Hunting Down Money Launderers with AI
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The diversification of banking online and the rise of cryptocurrency have given criminals various new tools and techniques to launder money locally and around the world. A new technique called isolation forest uses artificial intelligence to help banks and law enforcement track down money launderers. Money laundering refers to the process of converting "dirty" money obtained through criminal activity such as drug sales, prostitution, or arms dealing into "clean" cash by passing it through a complex series of legitimate businesses and financial institutions. The process makes it very difficult to trace the illegal origins of the money, allowing the criminal to use it as he pleases. According to the Anti-Money Laundering Forum, the term money laundering originated with the notorious gangster Al Capone, who purchased numerous laundromats across Chicago, where he comingled the legitimate money from these businesses with the proceeds from his sale of illegal alcohol and other activities. (anti-moneylaundering.org)
The National Money Laundering Threat Assessment, developed jointly by several US government branches such as the FBI and Department of Homeland Security, details various money laundering techniques from check-cashing services and stored value cards to bulk cash smuggling and shell companies. (justice.gov/dea) Add to that the emergence of cryptocurrencies such as Bitcoin that allow nearly anonymous financial transactions without a bank in between, and now criminals have an expanding variety of options open to them for money laundering.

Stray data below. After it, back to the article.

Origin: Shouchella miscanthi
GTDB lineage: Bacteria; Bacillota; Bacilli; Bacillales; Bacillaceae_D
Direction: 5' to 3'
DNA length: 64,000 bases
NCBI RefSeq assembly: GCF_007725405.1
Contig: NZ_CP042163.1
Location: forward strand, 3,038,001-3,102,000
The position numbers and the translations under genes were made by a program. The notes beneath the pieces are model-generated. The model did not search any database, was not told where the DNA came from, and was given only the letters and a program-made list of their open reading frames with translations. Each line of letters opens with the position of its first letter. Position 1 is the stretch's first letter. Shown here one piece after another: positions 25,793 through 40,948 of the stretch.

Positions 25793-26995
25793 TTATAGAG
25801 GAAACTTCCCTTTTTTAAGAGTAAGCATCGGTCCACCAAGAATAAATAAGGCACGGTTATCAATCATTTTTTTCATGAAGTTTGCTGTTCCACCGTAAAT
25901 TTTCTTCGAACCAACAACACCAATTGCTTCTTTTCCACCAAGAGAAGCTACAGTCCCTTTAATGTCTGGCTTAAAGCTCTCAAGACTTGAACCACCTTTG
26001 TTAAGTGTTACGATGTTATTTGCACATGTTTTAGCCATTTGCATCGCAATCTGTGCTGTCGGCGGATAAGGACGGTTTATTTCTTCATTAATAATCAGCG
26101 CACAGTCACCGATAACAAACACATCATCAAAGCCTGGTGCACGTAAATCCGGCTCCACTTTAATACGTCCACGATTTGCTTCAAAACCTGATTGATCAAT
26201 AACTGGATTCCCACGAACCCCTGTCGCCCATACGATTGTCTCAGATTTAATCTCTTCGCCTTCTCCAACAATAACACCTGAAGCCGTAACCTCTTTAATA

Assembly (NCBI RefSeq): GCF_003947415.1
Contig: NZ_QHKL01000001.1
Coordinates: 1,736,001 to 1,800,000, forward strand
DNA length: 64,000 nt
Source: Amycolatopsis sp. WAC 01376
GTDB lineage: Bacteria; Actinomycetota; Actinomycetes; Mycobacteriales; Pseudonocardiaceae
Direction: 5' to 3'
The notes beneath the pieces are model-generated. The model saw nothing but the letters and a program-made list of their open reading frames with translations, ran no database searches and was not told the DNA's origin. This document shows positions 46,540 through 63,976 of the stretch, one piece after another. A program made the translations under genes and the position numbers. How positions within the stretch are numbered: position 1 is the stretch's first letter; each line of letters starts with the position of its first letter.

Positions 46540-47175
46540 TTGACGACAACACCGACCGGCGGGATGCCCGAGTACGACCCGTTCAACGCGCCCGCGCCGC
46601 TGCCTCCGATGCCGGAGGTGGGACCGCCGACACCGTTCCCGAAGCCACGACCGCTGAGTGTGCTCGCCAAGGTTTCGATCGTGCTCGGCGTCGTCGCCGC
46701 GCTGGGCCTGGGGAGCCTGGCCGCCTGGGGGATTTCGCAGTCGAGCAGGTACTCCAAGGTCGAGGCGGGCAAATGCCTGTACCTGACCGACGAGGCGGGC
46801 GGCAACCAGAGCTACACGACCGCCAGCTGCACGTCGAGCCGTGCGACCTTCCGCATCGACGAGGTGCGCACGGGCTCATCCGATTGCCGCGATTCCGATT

Money laundering remains a considerable problem. The United Nations Office on Drugs and Crime estimates that between $800 billion to $2 trillion or 2-5% of the global GDP gets laundered each year. (undoc.org) Such massive amounts of money laundering demonstrates the difficulty in combatting it. As mentioned above, there are many money laundering schemes from cash smuggling to asset conversion, such as buying diamonds in one country and selling them in another, thus breaking the connection to the illegal money. In financial markets such as a stock exchange, criminals launder money through a technique called 'wash trading.' In wash trading, one person or a group will simultaneously buy and sell the same stock from different accounts. The buy and sell activity drives up market volume and price while effectively anonymizing the illegal money. Wash trading became illegal in the United States in 1936 under the Commodity Exchange Act.
Detecting wash trading among millions of trades on exchanges such as the New York Stock Exchange poses a difficult challenge for banks and law enforcement. For the most part, these trades look like any other trade, but wash trading has subtle elements that set it apart from typical trading. For example, wash trades often buy and sell almost identical amounts of stock very close in time. The close timing helps to guarantee that little money gets lost in the transaction due to market fluctuations. (visallo.com/blog) Detecting such deviant trades when distributed across multiple investors challenges investigators. However, with the aid of a type of artificial intelligence called isolation forest, investigators can now better identify wash trades among the millions of legitimate transactions.